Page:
Joshua Conran is the Managing Partner at Deksia.View all articles written by this author
The first few seconds are the most crucial in capturing your audience’s attention. Within that short amount of time, your audience will decide whether your brand is worth their time. As a result, you need to know how to get your message across in a quick, relatable way. The average attention span has plummeted to eight seconds–down from 12 seconds in 2000–which means at nine seconds, goldfish now have a longer attention span than the typical consumer. But don’t go revamping your marketing strategy to target these domesticated swimmers just yet.
As technology advances and consumers’ attention spans continue to wane, startups looking to incite consumer interest in their brands face an increasingly difficult challenge. For entrepreneurs, this means taking a tactical approach to getting your message to resonate–fast. If you can’t make an impact in eight seconds, consumers will move on to the next adorable cat photo they stumble across.
In marketing, every second counts. Here are a few tips for grabbing consumers’ attention before your eight-second timer runs out:
1. Make it personal. Tailoring your message to individual customers or groups is a powerful way to stand out among the noise. According to MarketingProfs, personalized promotional emails and personalized online marketing techniques are among the top tactics for prompting consumers to purchase. Look at Coca-Cola, for example. After 10 years of slumping sales, the company decided to take a new approach this summer with its “Share a Coke” campaign. By simply putting popular names and labels (e.g., friends and family) on the bottles, Coca-Cola made its product jump out at consumers scanning the walls of teas, sodas, juices, and energy drinks. And the company increased sales by more than 2 percent in the process.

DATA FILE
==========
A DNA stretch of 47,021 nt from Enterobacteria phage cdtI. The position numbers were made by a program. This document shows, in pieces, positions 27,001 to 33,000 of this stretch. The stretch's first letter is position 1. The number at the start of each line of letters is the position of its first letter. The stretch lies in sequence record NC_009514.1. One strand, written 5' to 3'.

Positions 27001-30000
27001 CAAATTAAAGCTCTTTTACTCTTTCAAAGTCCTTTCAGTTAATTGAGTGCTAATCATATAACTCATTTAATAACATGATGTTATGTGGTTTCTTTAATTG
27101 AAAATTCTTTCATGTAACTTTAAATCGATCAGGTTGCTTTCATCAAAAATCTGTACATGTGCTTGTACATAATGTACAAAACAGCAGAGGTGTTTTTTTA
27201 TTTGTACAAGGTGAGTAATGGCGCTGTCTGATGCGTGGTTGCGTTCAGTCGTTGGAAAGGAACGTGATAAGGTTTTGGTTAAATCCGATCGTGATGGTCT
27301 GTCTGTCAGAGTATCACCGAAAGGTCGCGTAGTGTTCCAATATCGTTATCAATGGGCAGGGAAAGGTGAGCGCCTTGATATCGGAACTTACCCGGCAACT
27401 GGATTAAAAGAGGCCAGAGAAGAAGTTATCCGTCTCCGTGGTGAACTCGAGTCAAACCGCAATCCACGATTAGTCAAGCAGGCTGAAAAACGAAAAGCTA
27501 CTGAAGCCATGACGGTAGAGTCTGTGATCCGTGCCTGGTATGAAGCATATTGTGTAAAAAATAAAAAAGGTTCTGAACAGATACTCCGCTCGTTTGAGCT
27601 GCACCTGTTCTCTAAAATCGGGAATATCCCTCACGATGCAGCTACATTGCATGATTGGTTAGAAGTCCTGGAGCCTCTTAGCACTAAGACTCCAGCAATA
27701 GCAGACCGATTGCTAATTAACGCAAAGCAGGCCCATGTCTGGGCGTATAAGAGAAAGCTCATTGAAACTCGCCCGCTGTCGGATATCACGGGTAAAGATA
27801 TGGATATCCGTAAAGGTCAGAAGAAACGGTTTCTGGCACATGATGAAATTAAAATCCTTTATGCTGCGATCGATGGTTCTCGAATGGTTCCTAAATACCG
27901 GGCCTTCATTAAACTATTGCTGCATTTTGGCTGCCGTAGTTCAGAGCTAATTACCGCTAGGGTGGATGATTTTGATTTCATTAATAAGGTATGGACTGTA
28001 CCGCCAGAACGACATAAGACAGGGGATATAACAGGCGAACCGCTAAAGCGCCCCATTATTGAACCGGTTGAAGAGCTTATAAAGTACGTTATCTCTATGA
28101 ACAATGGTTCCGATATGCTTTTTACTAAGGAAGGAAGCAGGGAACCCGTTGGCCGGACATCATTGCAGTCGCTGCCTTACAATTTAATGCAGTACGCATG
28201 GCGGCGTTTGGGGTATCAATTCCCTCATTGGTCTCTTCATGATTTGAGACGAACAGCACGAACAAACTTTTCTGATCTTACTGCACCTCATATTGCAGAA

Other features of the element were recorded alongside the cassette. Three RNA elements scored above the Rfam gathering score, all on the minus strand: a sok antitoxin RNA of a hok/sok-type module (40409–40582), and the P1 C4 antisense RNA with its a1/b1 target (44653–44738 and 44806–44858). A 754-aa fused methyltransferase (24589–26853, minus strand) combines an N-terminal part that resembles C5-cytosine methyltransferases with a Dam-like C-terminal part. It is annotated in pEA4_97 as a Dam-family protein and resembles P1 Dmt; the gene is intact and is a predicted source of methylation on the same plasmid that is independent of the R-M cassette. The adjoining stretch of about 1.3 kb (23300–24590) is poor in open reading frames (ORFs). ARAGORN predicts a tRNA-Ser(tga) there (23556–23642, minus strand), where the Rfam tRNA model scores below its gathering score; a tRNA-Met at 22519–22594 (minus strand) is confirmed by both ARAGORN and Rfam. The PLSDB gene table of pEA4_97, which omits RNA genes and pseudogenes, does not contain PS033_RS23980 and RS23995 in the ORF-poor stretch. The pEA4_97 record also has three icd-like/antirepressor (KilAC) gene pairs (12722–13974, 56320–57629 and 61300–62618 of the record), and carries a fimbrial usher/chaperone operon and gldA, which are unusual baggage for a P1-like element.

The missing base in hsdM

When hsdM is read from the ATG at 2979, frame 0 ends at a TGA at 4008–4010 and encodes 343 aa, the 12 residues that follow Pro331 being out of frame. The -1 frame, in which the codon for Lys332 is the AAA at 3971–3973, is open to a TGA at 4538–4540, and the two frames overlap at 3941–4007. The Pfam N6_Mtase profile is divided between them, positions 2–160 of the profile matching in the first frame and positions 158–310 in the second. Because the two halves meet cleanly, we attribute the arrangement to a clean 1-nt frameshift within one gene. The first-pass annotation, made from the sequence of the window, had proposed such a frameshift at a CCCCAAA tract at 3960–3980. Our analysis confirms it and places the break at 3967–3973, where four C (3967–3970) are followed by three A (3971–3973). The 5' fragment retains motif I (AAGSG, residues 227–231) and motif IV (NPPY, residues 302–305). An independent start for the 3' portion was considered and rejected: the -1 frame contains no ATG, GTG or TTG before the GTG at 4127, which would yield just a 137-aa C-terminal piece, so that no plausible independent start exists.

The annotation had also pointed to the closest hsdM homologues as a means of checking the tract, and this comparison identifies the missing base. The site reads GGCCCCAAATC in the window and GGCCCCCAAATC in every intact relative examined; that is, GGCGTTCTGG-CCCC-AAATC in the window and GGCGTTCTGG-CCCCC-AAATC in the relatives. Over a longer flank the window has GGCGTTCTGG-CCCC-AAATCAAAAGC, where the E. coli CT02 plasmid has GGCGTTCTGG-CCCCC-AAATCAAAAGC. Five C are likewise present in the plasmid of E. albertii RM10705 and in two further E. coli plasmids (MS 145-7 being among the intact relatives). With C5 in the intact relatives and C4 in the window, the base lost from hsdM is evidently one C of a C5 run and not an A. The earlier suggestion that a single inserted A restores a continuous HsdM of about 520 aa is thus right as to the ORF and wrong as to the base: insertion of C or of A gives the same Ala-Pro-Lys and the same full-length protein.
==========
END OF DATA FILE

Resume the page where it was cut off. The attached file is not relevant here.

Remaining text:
2. Let photos speak for you. For some industries, an impactful photo can communicate a thousand words. Consider anti-smoking campaigns worldwide. Most include a smart graphic that gets the point across without question–creating an instant connection with viewers.The next time you’re driving down the interstate, take note of the billboards that draw you in and those you gloss over and ask why. Likely, the images elicited a strong emotion or prompted you to think about a topic in a new way.
3. Encourage participation on social media channels. I’m sure you remember the Old Spice campaign “The Man Your Man Could Smell Like” that ran a few years ago. To keep the excitement going, Wieden+Kennedy filmed more than 180 video responses to questions from fans and celebrities and posted them on YouTube. The company’s Twitter and Facebook followings soared, and sales jumped 125 percent. By the end of 2010, Old Spice had become the No. 1 selling brand of body wash for men in the U.S. The lesson? Inviting consumers to participate in creative social media campaigns can forge personal ties with your brand and keep you top of mind. Plus, they’ll look to you for thoughtful and entertaining content down the road.
4. Keep it simple. You have a lot to say, and using text to communicate your message is great, especially if you’re trying to optimize your website for SEO purposes. But the reality is that most consumers don’t want to read or hear lengthy, text-heavy ads. Campaigns that overcomplicate a subject or confuse consumers can convolute your message and quickly push them away. Use short, catchy phrases, be purposeful with words, and try bundling your content ideas into a video or infographic. In an oversaturated, fast-paced online environment, a clean, simple campaign will be much more appealing and refreshing to consumers.
Your marketing efforts ultimately boil down to the first five seconds. In these crucial moments, consumers decide whether they’ll buy into your brand or check out completely. After that, engagement drops drastically.
The good news is you don’t need a massive marketing budget to get your message across in a flash. Keep it short and sweet, and relate to your audience on a personal level. Once you defy the attention span odds working so adamantly against you, you’ll be able to marketing to any distracted consumer–maybe even a goldfish.
This article originally appeared on inc.com.